Peter Byrne took these wrestling images of fighters and faces in the crowd in the late 1980s, mainly from the north of England – Bradford, Leeds, York and Manchester. Byrne, a freelance photographer based in Glasgow, loved watching professional wrestling on television. “You had pure theatre,” he says “and a great deal of fun. There were guys bashing the hell out of each other, but you kind of knew nobody really got hurt.”
For 33 years professional wrestling was broadcast on Saturday afternoons at 4pm on ITV’s World of Sport, with commentary by Kent Walton (22 August 1917 – 24 August 2003), a former a disc jockey on Radio Luxembourg and a producer of those nostalgia-proof British sex comedies.
The show ended on December 17th 1988. “Have a good week… till next week,” said Walton in his customary send off. And then it was gone, swept away by US wrestling. British television wanted things bigger, flashier and louder – more American. Necks were now wider than waistlines, and wrestling, which would have shared the bill with shin-kicking in days of yore, became more about merchandise, advertisers and money.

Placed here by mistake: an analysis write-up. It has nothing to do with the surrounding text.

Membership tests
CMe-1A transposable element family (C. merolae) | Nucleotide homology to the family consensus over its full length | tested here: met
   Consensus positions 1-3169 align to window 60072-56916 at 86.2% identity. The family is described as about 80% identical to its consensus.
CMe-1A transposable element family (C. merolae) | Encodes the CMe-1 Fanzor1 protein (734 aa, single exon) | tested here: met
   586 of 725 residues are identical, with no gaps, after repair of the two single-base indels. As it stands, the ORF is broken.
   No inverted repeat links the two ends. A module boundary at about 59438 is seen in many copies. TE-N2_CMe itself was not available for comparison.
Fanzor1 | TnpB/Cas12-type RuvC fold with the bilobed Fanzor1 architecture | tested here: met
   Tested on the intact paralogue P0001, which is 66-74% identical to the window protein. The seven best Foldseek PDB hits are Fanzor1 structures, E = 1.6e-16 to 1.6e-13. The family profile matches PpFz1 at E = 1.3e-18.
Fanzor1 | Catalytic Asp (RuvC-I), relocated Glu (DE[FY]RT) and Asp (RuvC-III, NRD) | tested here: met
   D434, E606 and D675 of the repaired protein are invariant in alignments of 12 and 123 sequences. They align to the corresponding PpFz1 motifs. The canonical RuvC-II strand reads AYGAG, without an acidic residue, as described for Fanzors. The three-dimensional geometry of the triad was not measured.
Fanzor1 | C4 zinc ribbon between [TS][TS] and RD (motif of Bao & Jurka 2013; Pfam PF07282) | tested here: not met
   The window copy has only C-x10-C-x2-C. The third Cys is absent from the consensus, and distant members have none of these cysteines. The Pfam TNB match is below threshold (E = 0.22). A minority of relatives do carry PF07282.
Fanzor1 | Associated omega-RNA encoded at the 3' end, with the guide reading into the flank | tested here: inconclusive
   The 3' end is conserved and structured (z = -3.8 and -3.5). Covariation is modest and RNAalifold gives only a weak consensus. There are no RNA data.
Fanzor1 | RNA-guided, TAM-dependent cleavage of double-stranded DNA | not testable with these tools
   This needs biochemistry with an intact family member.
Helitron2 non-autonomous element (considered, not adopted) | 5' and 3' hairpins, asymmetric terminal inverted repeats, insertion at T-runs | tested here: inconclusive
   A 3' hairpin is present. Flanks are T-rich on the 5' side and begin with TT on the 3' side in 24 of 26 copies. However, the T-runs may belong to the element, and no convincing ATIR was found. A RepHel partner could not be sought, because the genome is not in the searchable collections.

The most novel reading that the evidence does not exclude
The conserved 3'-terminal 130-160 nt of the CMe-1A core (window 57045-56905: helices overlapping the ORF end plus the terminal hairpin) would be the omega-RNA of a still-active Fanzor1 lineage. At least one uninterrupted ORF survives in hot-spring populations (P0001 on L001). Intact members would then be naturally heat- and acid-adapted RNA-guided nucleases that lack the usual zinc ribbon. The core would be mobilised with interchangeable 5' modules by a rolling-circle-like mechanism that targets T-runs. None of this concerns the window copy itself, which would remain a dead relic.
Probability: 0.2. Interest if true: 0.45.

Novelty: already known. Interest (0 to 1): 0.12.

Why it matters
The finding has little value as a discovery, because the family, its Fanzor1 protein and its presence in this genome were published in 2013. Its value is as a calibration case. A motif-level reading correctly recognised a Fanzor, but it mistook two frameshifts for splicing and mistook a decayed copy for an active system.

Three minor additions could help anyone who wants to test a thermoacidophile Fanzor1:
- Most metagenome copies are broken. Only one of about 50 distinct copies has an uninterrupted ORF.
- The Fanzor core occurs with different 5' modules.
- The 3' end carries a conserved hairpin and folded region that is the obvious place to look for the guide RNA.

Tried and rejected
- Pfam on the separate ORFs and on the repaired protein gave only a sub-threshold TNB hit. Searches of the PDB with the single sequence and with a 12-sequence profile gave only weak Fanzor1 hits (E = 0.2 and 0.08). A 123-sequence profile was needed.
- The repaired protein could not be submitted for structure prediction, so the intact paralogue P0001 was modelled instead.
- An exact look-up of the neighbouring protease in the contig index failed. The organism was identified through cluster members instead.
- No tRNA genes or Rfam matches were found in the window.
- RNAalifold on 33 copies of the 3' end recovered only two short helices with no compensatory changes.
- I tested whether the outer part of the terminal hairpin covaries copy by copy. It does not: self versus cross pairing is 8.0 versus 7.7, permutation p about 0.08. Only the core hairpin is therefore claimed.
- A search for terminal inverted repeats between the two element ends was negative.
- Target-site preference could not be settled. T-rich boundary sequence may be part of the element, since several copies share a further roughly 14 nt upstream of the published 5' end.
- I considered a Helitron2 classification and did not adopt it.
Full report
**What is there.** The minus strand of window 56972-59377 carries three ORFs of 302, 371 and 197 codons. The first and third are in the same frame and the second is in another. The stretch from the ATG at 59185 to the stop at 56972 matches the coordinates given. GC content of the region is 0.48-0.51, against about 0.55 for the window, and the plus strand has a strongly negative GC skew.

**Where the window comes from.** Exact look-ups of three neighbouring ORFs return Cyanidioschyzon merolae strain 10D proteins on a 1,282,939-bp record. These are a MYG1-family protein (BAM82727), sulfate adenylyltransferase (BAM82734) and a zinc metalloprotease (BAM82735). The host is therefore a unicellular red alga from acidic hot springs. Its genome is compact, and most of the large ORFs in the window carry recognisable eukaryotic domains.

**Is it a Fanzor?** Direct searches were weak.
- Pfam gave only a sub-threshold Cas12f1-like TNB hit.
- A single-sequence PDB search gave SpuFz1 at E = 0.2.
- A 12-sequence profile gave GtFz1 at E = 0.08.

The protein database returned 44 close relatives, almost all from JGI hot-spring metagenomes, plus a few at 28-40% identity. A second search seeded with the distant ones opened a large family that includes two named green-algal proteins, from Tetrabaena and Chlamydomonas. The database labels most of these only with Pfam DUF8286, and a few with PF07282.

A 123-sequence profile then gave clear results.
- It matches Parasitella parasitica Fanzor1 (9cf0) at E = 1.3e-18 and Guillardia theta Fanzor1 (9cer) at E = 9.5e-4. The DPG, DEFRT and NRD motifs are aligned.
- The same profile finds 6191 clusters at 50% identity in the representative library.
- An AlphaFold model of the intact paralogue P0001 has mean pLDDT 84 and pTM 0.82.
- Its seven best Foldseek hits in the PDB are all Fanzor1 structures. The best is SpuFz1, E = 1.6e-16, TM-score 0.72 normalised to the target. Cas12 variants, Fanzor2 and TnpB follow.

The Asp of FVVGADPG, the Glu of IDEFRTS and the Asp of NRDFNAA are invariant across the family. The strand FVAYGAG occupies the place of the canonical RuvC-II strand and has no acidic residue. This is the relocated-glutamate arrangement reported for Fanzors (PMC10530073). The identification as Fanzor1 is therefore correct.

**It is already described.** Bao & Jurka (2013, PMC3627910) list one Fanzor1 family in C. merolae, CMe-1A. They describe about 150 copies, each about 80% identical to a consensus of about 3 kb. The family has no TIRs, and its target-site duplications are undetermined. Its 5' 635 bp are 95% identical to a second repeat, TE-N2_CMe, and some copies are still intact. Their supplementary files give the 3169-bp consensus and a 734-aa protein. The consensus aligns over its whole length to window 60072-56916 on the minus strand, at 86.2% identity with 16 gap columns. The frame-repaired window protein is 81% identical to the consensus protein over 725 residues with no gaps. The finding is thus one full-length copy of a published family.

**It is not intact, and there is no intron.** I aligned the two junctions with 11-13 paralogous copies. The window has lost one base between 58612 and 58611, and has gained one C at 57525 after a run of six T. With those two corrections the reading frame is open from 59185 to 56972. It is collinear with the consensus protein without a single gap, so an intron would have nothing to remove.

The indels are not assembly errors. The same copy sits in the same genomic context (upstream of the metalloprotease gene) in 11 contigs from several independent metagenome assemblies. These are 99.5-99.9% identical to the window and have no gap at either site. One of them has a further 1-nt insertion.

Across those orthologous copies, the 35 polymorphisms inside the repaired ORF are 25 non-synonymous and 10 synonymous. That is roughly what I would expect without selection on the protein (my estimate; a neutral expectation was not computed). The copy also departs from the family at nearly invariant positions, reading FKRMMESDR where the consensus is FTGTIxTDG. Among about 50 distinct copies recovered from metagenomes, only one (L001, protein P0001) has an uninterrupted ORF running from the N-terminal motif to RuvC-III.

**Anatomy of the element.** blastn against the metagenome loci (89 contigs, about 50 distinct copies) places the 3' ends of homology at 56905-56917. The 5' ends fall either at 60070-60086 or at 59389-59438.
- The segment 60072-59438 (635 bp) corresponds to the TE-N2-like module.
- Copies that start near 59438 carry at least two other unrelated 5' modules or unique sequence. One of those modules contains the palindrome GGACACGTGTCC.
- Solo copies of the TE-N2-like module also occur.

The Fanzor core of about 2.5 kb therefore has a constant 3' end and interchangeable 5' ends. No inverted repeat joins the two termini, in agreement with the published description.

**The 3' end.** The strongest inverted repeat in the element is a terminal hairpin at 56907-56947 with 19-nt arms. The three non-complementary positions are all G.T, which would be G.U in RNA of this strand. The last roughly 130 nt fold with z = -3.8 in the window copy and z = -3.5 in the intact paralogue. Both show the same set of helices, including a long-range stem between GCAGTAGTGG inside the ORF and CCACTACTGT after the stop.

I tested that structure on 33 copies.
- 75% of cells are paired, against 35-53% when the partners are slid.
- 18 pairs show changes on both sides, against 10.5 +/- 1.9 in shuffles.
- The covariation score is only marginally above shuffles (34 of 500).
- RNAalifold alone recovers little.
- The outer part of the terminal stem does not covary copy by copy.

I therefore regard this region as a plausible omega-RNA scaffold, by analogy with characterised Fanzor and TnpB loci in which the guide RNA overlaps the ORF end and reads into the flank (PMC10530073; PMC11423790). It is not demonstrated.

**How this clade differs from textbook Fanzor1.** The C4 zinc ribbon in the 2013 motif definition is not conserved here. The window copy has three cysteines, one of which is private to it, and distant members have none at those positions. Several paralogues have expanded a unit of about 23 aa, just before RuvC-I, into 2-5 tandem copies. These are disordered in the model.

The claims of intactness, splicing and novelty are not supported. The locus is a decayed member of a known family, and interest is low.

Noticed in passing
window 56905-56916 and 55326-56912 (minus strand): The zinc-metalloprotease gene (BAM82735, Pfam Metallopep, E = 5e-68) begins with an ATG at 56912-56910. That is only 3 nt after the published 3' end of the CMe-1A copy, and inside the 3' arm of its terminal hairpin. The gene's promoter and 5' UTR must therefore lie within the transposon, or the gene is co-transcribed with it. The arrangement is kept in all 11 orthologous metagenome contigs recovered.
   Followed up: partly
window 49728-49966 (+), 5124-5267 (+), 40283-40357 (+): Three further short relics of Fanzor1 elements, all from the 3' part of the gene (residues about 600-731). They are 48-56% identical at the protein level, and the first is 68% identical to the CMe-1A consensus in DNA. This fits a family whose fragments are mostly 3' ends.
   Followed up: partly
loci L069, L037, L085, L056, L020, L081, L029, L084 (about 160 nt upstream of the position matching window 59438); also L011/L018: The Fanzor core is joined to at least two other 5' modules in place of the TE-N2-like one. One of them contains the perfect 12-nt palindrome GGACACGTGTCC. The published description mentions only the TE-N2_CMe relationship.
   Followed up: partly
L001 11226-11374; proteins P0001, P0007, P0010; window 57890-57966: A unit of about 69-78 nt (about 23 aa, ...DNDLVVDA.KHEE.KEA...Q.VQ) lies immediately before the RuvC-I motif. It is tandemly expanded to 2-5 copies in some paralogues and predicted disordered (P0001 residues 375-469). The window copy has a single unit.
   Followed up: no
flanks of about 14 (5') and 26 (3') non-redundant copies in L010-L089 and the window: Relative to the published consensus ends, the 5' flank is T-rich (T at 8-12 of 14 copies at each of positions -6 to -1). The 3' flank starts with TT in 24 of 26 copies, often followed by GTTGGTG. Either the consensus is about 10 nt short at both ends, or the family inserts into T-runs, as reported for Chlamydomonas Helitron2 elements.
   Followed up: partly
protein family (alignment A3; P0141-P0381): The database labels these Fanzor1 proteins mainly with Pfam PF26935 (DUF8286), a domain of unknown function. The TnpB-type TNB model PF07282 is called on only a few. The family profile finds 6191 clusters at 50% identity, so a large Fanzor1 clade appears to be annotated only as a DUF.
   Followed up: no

Walton would have understood the lure of all things North American to British consumers. British to the core – his actual name was Kenneth Walton Beckett; public-school educated and son to a finance minister in the British protectorate administration in Egypt – Kent affected a transatlantic accent. The 1986 edition of Halliwell’s Television Companion listed him as a “Canadian sports commentator in Britain”.
In the late 1980s, Peter Byrne was in his last year as a photography student at Yorkshire’s Harrogate College of Higher Education. For his final project, he spent Friday and Saturday nights photographing professional wrestling at venues including the Barnsley Civic, Scunthorpe’s Baths Hall, King George’s Hall, Blackburn, Wakefield’s Unity Hall and the Blackpool Tower Circus.
“Most of the wrestlers I saw were extremely decent working class folk trying to earn a crust in a hard game,” Peter tells us. “They performed several times a week all over the country and suffered physically and emotionally. A short and tough career choice.”
Via Peter Bryne.
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